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The Boss Baby | DVD | (31/07/2017)
from £6.75 | Saving you £N/A (N/A%) | RRP
DreamWorks Animation and the director of Madagascar invite you to meet a most unusual baby. He wears a suit, speaks with the voice and wit of Alec Baldwin, and stars in the animated comedy, DreamWorks' The Boss Baby. The Boss Baby is a hilariously universal story about how a new baby's arrival impacts a family, told from the point of view of a delightfully unreliable narrator, a wildly imaginative 7 year old named Tim. With a sly, heart-filled message about the importance of family, DreamWorks? The Boss Baby is an authentic and broadly appealing original comedy for all ages.
The Secret Life Of Pets (DVD + Digital Download) | DVD | (14/11/2016)
from £5.59 | Saving you £N/A (N/A%) | RRP
From the humans behind Despicable Me. Ever wonder what your pets do when you're not home? For their fifth fully-animated feature-film collaboration, Illumination Entertainment and Universal Pictures present THE SECRET LIFE OF PETS, a comedy about the lives our pets lead after we leave for work or school each day. Comedy superstars Louis C.K., Eric Stonestreet and Kevin Hart make their animated feature-film debuts in THE SECRET LIFE OF PETS, which co-stars Ellie Kemper, Lake Bell, Steve Coogan, Dana Carvey, Jenny Slate, Bobby Moynihan, Hannibal Buress and Albert Brooks. Illumination founder and CEO Chris Meledandri and his longtime collaborator Janet Healy produce the film directed by Chris Renaud (DESPICABLE ME, DESPICABLE ME 2), co-directed by Yarrow Cheney and written by Brian Lynch and Cinco Paul & Ken Daurio. Click Images to Enlarge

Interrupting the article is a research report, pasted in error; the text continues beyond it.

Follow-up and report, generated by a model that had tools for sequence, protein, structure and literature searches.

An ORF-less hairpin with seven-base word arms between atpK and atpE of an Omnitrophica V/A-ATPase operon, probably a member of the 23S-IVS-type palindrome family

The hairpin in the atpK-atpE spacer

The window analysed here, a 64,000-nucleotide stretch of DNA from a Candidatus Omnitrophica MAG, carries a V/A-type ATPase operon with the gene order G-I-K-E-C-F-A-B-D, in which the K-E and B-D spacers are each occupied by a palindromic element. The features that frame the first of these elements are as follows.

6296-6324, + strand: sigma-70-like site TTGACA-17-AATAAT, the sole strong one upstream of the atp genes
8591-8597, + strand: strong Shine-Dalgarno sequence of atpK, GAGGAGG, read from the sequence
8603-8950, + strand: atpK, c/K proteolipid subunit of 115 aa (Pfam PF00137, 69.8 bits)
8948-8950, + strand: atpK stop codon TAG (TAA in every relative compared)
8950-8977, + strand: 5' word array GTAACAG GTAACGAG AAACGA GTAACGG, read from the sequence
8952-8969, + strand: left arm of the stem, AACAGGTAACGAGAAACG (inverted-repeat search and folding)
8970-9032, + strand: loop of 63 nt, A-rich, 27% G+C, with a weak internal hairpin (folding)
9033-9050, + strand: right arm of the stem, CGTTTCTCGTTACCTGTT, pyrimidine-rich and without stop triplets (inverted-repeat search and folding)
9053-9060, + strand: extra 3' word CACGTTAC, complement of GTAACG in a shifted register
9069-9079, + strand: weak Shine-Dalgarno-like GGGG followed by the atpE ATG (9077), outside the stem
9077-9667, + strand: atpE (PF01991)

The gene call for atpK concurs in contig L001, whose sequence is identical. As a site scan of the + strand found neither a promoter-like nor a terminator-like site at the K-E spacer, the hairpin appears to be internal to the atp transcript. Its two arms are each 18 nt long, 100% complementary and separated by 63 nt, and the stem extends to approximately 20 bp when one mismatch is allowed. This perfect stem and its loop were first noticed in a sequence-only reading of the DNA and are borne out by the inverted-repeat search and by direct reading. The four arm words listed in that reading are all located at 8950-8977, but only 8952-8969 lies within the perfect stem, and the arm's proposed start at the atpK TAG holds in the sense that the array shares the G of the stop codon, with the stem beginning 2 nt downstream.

The Polar Express (1 Disc) | DVD | (25/04/2006)